Despite 'Up' and other movie hits, Disney revenue drops, net income sinks
The conglomerate's revenue fell 7% to $8.6 billion. The drop was in line with competitor Time Warner Inc. and smaller than that of Viacom Inc. Another Disney rival, News Corp., hasn't yet reported earnings for the quarter that ended June 30.
Revenue at Walt Disney Studios fell 12% despite stronger theatrical revenue from hits like "Hannah Montana" and "Up." While the studio racked up marketing expenses to promote the movies in this quarter, it will reap more of the benefits from those hits, along with "The Proposal," later in the year.
"The content cycle has started to improve, however, and generally we believe the worst is over for the Disney studios," wrote Anthony J. DiClemente, media analyst for Barclays Capital.
The studio lost $12 million for the quarter, compared to a $97-million operating profit in 2008.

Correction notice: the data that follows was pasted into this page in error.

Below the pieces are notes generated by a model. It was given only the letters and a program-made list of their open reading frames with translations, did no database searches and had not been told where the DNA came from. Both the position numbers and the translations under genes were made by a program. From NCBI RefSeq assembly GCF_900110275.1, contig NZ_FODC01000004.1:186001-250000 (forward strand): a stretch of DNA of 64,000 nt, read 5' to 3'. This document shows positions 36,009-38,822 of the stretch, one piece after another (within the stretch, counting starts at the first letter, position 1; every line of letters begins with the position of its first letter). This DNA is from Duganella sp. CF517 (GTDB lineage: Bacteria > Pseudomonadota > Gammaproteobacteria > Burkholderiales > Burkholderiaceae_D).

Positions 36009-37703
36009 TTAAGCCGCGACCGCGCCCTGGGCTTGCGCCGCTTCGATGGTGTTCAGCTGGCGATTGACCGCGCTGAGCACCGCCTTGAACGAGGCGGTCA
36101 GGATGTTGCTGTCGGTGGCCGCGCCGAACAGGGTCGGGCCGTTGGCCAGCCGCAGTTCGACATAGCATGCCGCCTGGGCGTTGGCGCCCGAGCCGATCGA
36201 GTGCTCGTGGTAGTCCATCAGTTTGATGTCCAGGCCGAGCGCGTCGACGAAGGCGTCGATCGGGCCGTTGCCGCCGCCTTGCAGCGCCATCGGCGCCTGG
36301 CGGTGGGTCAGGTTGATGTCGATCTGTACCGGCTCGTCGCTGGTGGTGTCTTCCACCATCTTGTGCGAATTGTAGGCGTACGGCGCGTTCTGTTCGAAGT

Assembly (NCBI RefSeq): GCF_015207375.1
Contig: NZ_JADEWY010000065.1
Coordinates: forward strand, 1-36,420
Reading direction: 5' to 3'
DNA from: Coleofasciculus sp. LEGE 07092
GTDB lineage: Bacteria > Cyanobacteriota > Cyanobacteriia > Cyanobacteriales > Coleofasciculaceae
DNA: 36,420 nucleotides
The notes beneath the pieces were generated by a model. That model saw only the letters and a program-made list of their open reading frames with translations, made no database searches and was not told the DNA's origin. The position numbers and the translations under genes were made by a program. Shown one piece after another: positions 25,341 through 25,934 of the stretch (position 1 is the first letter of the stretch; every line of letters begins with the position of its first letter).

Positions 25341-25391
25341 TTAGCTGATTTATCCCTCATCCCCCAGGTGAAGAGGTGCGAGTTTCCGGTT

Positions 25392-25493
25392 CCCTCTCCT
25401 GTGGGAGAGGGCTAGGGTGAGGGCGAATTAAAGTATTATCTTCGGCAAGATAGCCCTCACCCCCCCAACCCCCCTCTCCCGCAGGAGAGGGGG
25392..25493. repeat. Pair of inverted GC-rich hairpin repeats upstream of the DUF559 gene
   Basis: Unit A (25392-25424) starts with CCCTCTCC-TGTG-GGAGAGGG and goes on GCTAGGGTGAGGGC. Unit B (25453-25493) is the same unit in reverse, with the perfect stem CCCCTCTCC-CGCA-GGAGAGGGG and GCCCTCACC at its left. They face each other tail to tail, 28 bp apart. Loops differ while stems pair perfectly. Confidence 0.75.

Disney's television networks, usually a bright spot for the company, experienced a 2% drop in revenue as even stalwart ESPN saw advertising income decline. Broadcaster ABC took the biggest hit, however, as higher programming costs and falling ad revenue drove down its operating income 34% to $204 million. Operating income for Disney's cable networks was $1.1 billion, down 8%.
Parks and resorts saw a 9% decline in revenue and 19% decline in operating income as guests at Disney World and Disneyland spent less because of the economic downturn.
Second-quarter margins for the parks were squeezed by aggressive promotions to keep visitors traveling to Disney's domestic parks, including discounted hotel rates at the Walt Disney World in Orlando, Fla. These promotions largely propped up attendance, which slipped a modest 1% in Orlando, and grew by 2% at the Disneyland Resort in Anaheim.
Travel to Orlando, which is a loose proxy for attendance at Walt Disney World, has showed signs of stabilizing since June, DiClemente wrote in a July 30 report.
Disney's interactive media division, which oversees online content and video games, had the steepest drop in revenue at 20%. But it narrowed from a $91-million operating loss last year to a $75-million loss because of reduced marketing and product development costs for games.
Consumer products revenue fell 10% as sales declined at Disney Stores.
-- Ben Fritz and Dawn C. Chmielewski
Photo: Revenue at Walt Disney Studios fell 12% despite stronger theatrical revenue from hits like "Up," which hit movie theaters at the end of May. Credit: Disney / Pixar.